Skip to main content

Criterium: Roads

Roads are tricky.  They have to match the terrain; they have to bank, curve, swerve and whatnot.  I have three ideas for roads, and no idea is trivial to implement.  All my ideas output a road mesh with a rectangular cross section, so there will be no gaps between the road and the underlying terrain.  The road will actually be a rectangular "tube" with only the top of the tube showing above the terrain.

First up is procedural generation of roads.  For this scheme, I would first generate the terrain heightmap.  Then, the roads could be generated by following contours, making random changes in direction, or making random jumps to different contours.  In the end, the procedural algorithm would output a list of waypoints for the road, and a mesh could be generated from the waypoints.

Second is direct creation of the road mesh.  I would have to make a modeling tool for the road, and extrude road segments from the end of the road.  Perhaps Bezier curves and control points could be used to manipulate curves in the road (both vertical and horizontal).

My last idea is a combination of the last two.  I could paint the road waypoints on top of a 2D texture, and then have an algorithm calculate the appropriate height of the road at each point.  The algorithm would need the heightmap as an input to calculate the road height.

That's all for now, more ideas soon.


Popular posts from this blog

Lua-Style Coroutines in C++

Lua's implementation of coroutines is one of my all-time favorite features of the language. This (short) paper explains the whole reasoning behind the Lua's coroutine implementation and also a little about the history of coroutines. Sadly, coroutines are not supported out-of-the box by many modern languages, C++ included. Which brings me to the subject of this post: Lua-style coroutines in C++! For those who don't know (or were too lazy to read the paper!), Lua's coroutines support three basic operations: Create: Create a new coroutine object Resume: Run a coroutine until it yields or returns Yield: Suspend execution and return to the caller To implement these three operations, I'll use a great header file: ucontext.h. #include <vector> #include <ucontext.h> class Coroutine { public: typedef void (*Function)(void); Coroutine(Function function); void resume(); static void yield(); private: ucontext_t context_; std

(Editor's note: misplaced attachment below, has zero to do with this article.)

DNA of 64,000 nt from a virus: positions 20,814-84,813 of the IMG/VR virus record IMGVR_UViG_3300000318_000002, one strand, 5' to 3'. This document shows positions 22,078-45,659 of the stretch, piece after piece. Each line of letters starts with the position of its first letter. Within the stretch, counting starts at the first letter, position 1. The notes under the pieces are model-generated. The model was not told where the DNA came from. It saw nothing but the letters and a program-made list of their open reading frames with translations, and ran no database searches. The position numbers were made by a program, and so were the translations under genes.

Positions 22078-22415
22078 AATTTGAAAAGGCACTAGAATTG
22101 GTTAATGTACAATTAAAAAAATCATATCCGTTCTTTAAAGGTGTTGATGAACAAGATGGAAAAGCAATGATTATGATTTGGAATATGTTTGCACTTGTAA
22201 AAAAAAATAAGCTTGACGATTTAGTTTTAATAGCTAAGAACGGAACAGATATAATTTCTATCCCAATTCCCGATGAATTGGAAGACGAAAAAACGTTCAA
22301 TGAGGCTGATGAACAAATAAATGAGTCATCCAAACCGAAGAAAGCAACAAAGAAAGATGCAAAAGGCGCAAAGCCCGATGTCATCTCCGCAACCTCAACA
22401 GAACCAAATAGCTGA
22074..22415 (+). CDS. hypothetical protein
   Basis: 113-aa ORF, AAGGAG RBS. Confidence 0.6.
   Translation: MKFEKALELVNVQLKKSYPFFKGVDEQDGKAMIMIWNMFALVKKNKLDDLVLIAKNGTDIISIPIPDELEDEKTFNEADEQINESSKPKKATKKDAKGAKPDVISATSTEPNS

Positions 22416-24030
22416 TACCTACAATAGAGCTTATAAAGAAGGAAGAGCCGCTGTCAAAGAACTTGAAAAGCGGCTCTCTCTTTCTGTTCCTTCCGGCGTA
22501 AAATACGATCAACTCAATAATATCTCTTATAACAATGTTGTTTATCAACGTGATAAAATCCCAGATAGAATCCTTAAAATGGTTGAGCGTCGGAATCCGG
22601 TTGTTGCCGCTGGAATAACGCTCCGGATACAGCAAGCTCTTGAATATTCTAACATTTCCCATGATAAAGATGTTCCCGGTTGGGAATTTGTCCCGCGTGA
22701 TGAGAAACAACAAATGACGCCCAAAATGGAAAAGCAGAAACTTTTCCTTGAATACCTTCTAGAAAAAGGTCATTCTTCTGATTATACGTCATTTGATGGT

So, it turns out that I didn't use Criterium for the video game competition at Stanford.  I actually met a partner and went with another concept instead -- Warp.  It's kind of like Starfox and it's inspired by Rez, one of the first PS2 games.  Explosions and missiles fire in time with the music; we used ChucK , an audio processing language, to achieve this. We also made some destructible objects using rigid bodies, and I added some particle explosion effects.  We used Lua to for enemy AI, and wrote a small TCL-like script parser that reads in data for the level layout.  The buildings in the background are procedurally generated.  We used OGRE for the graphics (this was a loose requirement of the project) and Bullet for the physics.  I had a lot of fun with this project, and I've posted a video capture below.

Sparse Voxel Octrees

Terrain implementation for games is a subject with a lot of depth. At the surface, it's very easy to get rudimentary terrain working via a noise function and fixed triangle grid. As you add more features, though, the complexity builds quickly. Overhangs, caves Multiple materials Destructive terrain Collision detection Persistence Dynamic loading Regions, biomes Very large scale Smooth features Sharp features Dynamic level of detail Extremely long view distances In isolation, each of these features can make terrain difficult to implement. Taken together, it takes a lot of care and attention to make it all work. Minecraft is probably the canonical example for terrain generation in the last generation of games. In fact, I'd say Minecraft's terrain is the killer feature that makes the game so great. Minecraft does an excellent job at 1-8, but for a recent planetary renderer project I was working on, I really wanted 9-12 too. In a series of articles, I'm planning to break do